there, away from the battle and his brother and Roy. He didn't even know if they were still alive;
anything could have happened. For all he knew, he was the only one left.

Ed swallowed the growing lump in his throat, dragging in a stuttering breath as he forced himself
to concentrate. The only thing that he knew for sure was that, right now, he was the one in
danger. The one small blessing was that he seemed to be alone, but there was no way of telling
when Kerr would come to check on him. He had to move!

The restraints clinked together, and he shifted on the luxurious bedding, mindful of the thing
around his neck. Ed glared at the shoulder-width metal bar that separated and manacled his
wrists. It was several inches thick, hollow but strong, and attached to the bed by a few links of
chain. No chance of clapping, not unless he ripped his arm out. His hands were pulled
awkwardly above his head; he couldn't even scratch his nose, let alone break free.

His legs were the same, spread apart and fixed in place in a way that made a sick sweat burn over
his skin. He felt too vulnerable, naked despite the clothes he still wore. Ed's muscles screamed
with the urge to press his legs together, to protect himself from the unseen threat that lingered in
the room, but it was impossible.

Carefully, he lifted his aching head. Whatever drug they'd made him inhale still lingered on,
making his vision weave uncertainly, but he blinked it aside. Ed winced, gritting his teeth in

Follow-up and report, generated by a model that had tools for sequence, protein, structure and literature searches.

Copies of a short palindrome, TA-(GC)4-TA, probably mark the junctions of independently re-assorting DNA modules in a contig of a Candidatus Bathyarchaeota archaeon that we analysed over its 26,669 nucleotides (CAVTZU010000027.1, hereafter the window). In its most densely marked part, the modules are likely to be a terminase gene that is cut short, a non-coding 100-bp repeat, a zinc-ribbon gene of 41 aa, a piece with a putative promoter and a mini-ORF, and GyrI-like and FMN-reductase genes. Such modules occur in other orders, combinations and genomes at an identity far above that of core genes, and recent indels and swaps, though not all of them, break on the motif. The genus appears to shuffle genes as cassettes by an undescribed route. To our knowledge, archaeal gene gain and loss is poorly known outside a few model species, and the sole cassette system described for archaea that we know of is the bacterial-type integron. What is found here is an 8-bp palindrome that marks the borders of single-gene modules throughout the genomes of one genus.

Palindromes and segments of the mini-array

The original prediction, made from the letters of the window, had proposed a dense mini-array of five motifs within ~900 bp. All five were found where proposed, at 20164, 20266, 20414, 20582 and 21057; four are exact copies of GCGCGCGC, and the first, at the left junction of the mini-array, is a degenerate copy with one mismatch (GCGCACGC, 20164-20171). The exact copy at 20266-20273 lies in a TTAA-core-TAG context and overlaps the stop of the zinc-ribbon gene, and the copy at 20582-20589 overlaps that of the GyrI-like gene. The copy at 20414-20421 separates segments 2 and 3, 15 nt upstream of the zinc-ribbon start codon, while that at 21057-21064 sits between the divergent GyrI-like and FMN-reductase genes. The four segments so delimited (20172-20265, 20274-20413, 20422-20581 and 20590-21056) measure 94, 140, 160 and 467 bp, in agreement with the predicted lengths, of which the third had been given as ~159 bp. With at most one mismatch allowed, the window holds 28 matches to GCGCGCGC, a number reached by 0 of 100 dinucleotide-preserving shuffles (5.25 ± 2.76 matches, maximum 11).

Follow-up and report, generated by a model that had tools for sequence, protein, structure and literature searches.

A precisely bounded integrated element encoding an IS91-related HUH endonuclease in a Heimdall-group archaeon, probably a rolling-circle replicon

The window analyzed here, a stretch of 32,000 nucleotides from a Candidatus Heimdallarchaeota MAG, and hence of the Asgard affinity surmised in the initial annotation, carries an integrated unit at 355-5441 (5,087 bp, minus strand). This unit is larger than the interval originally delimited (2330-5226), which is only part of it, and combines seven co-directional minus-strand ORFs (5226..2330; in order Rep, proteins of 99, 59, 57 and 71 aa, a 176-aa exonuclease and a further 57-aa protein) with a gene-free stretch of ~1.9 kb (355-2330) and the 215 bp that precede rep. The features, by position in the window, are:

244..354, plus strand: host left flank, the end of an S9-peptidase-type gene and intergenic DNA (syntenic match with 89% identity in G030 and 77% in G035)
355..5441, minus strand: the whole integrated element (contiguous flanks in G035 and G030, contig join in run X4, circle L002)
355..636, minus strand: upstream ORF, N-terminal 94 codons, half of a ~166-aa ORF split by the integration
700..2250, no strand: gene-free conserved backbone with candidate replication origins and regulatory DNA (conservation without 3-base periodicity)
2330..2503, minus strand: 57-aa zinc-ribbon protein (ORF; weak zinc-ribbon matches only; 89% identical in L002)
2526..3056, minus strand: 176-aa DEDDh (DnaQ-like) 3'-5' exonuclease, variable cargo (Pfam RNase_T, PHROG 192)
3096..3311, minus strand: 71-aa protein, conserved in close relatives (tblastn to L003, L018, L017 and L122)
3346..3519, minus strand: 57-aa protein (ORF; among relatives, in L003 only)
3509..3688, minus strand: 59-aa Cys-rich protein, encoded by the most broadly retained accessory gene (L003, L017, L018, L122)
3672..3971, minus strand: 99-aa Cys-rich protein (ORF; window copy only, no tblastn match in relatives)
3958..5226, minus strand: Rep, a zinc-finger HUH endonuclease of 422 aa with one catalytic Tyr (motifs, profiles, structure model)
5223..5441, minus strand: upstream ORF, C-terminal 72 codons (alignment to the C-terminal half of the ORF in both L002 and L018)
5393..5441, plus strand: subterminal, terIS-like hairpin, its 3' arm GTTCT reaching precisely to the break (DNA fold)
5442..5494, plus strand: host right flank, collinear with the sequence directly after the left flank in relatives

discomfort as the thorny chain around his throat shifted. It was longer than the others and had
enough slack for him to get a good look at his impromptu prison.

The area around the bed had been meticulously cleared of anything useful: only a long, low table
rested along the right-hand side of the mattress, strangely bare. There was a fire, his senses hadn't
been lying about that. It burned cheerfully in the grate to his left, a poker propped in its glowing
coals and a bucket of fuel by its side. Drapes were pulled across the big windows, and he
couldn't see any sign of daylight. Only the faint first twitters of the dawn chorus gave him any
idea of how long he had been unconscious: an hour at most. He had been helpless just long
enough for them to get him here without a fuss, to steal him away and spread him out like some
kind of sacrifice to Kerr's perversion.
'Fuck!' Ed hissed, letting his head fall back to the pillow and squaring his shoulders before
pulling with all his might against the cuffs that held his hands in place. The chain chimed
musically, and the bed creaked a warning. The muscles in his arm stood out and the plates of his
automail groaned alarmingly, but there wasn't even an inch of weakness to be found. Even at his
best he wouldn't have been able to get out of this. Now, he had no chance.

He needed help, and the only ones who could give it to him were probably miles away. Ed
grimaced, wishing he knew more about what was going on back at the estate. Had the mansion
survived the shelling? Was the battle still in full-swing, or was it over? Were they looking for
him? Did they even know he was gone? His heart whimpered in his chest as he thought of Al and
Winry. Were they even still alive, or had they both been killed by the assassins in the name of
capturing him?

A sound beyond the door made him freeze, frightened anger swirling in his veins as indecision
tore at him. A second later he forced himself to go lax, eyes closing blissfully as he tried to
control his breathing. Any advantage was better than none. Maybe he could surprise the fucker.
Just let him get close enough Ed would show him how dangerous a chained prisoner could be.

He heard the latch click shut and the soft rasp of a bolt sliding home before slow, steady